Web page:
The American Road & Transportation Builders Association Transportation Development Legal Advocacy & Education Center (ARTBA-TDLAEC) sued the U.S. Environmental Protection Agency (EPA) April 17, seeking to prevent them from making a final determination that allows states to restrict or ban the use of certain heavy construction equipment under the Clean Air Act (CAA).
Arguing the CAA does not allow state control levels, ARTBA-TDLAEC filed a brief with the U.S. Court of Appeals for the District of Columbia Circuit saying EPA authorization of state preemption of the CAA could render unusable billions of dollars of construction equipment on job sites nationwide, require contractors to purchase new or retrofitted equipment and result in confusing and conflicting state-by-state regulations impacting transportation construction, as well as a marked increase in the costs of infrastructure projects. The court has jurisdiction on CAA cases.
The lawsuit is the launch case for the ARTBA-TDLAEC, the only entity in the U.S. that exclusively focuses legal activities on helping ensure that approved state, regional and local transportation plans and projects move forward expeditiously. It monitors and becomes involved in environmental and business issues that have the potential to impact the planning, design and/or construction of transportation infrastructure projects.
“Whether it’s building or maintaining public transit, high-speed rail, interstate highways, city streets or bridges, every element of our transportation infrastructure network relies on heavy equipment,” ARTBA assistant general counsel Nick Goldstein said. “Amidst an economic recession, we should be taking every step to maximize the return on public infrastructure investment. Permitting a hodge-podge of state rules—many far more restrictive and costly than others—complicates the ability of our industry to reduce congestion, improve infrastructure and add new transit, road and bridge capacity.”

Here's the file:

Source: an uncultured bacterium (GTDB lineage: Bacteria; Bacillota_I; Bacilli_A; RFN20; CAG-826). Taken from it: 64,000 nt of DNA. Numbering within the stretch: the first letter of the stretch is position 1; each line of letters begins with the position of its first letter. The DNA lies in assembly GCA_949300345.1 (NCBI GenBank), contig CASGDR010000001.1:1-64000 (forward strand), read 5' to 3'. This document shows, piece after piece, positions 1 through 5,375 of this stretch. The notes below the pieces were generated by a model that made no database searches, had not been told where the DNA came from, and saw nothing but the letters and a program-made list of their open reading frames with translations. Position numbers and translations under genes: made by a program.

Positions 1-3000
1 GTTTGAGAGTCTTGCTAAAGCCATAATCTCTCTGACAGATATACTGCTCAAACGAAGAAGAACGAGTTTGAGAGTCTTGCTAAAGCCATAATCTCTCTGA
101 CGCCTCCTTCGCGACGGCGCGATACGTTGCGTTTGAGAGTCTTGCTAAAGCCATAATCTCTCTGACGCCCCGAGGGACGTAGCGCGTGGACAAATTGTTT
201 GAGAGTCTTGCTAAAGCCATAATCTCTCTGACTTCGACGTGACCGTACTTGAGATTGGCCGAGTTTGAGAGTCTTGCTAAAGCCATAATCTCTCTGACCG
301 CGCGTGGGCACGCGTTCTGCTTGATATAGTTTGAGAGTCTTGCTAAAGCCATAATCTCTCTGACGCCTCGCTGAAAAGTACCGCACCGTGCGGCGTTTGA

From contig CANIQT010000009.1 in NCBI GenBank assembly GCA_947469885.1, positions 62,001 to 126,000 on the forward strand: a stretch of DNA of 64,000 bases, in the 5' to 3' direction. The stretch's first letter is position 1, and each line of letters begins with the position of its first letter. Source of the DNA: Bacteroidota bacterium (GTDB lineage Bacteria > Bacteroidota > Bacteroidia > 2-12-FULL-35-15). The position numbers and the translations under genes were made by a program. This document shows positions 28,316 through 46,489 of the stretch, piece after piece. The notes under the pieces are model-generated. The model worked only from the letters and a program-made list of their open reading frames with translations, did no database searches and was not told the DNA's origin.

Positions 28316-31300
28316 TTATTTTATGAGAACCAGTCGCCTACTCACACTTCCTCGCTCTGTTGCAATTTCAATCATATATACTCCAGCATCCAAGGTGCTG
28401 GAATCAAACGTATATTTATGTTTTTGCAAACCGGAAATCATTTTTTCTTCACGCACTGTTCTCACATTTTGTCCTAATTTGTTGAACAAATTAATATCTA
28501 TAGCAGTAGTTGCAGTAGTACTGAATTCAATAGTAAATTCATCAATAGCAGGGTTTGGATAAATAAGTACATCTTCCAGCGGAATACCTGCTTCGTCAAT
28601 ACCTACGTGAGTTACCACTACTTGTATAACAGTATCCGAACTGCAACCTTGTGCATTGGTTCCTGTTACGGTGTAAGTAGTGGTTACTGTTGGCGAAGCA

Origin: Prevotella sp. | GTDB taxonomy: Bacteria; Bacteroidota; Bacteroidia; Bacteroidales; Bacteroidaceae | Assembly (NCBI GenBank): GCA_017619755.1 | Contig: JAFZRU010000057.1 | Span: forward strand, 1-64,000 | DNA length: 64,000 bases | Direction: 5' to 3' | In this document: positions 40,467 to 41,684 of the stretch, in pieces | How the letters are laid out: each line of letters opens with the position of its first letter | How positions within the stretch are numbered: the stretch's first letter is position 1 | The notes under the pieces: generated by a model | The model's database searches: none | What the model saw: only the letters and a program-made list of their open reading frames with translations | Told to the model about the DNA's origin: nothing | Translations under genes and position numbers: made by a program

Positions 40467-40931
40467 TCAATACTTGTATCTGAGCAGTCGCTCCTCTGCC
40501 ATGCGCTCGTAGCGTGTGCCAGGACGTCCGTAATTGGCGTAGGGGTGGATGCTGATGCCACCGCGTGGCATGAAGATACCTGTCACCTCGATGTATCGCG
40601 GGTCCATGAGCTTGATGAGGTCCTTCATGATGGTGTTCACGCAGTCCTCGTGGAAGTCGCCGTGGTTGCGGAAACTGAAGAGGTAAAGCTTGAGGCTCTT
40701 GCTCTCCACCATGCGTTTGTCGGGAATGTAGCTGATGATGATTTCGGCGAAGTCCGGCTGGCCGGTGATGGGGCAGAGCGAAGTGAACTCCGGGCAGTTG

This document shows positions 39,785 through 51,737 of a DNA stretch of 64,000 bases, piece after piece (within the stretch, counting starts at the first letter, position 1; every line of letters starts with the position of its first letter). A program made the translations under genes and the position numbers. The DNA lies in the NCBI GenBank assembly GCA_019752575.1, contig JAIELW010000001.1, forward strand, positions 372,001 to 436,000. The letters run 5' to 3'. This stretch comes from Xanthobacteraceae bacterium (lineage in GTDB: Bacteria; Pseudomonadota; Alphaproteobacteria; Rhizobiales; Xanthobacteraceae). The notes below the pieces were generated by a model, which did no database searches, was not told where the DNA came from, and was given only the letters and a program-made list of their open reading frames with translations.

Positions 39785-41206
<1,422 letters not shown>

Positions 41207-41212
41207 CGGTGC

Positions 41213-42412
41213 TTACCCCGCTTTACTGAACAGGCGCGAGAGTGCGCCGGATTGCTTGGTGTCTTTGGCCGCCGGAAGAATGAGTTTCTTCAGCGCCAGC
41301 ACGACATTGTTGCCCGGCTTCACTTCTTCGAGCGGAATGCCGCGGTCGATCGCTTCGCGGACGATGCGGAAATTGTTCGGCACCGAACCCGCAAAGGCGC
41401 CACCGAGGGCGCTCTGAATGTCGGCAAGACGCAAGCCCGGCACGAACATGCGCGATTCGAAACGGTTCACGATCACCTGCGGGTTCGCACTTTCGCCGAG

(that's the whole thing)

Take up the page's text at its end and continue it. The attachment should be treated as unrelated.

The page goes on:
Due to the enormous expense of replacing the affected in-use off-road construction equipment—in some cases more than $1 million per machine—the cost of vital transportation and infrastructure projects will increase if EPA does not act to prevent states from enacting individual controls, the association’s brief said.
In addition, construction firms rely on the value of their construction equipment as assets to finance the purchase of new equipment and to secure bond financing to conduct public project work.
By simultaneously eliminating the value of existing equipment and forcing companies to buy newer equipment, preemptive state-level controls, such rules currently enacted in California, make compliance impossible. Companies will not be able to afford new equipment or bond additional work.
The ARTBA litigation is supported by the Outdoor Power Equipment Institute (OPEI) and the Construction Industry Air Quality Coalition (CIAQC) members, which include four southern California trade associations: Associated General Contractors (AGC), Building Industry Association of Southern California (BIA/SC), Engineering Contractors Association (ECA) and the Southern California Contractors Association (SCCA).
EPA is joined in contesting the litigation by the National Resources Defense Council (NRDC), California Air Resources Board, South Coast Air Quality Management District and the American Association of Railroads (AAR). They are expected to submit their own legal briefs later this year.
Oral arguments in the case could be heard as early as fall of this year. A decision could come by late 2009 or early 2010.
New ISO Standards Lift The Safety Level Of Cranes Worldwide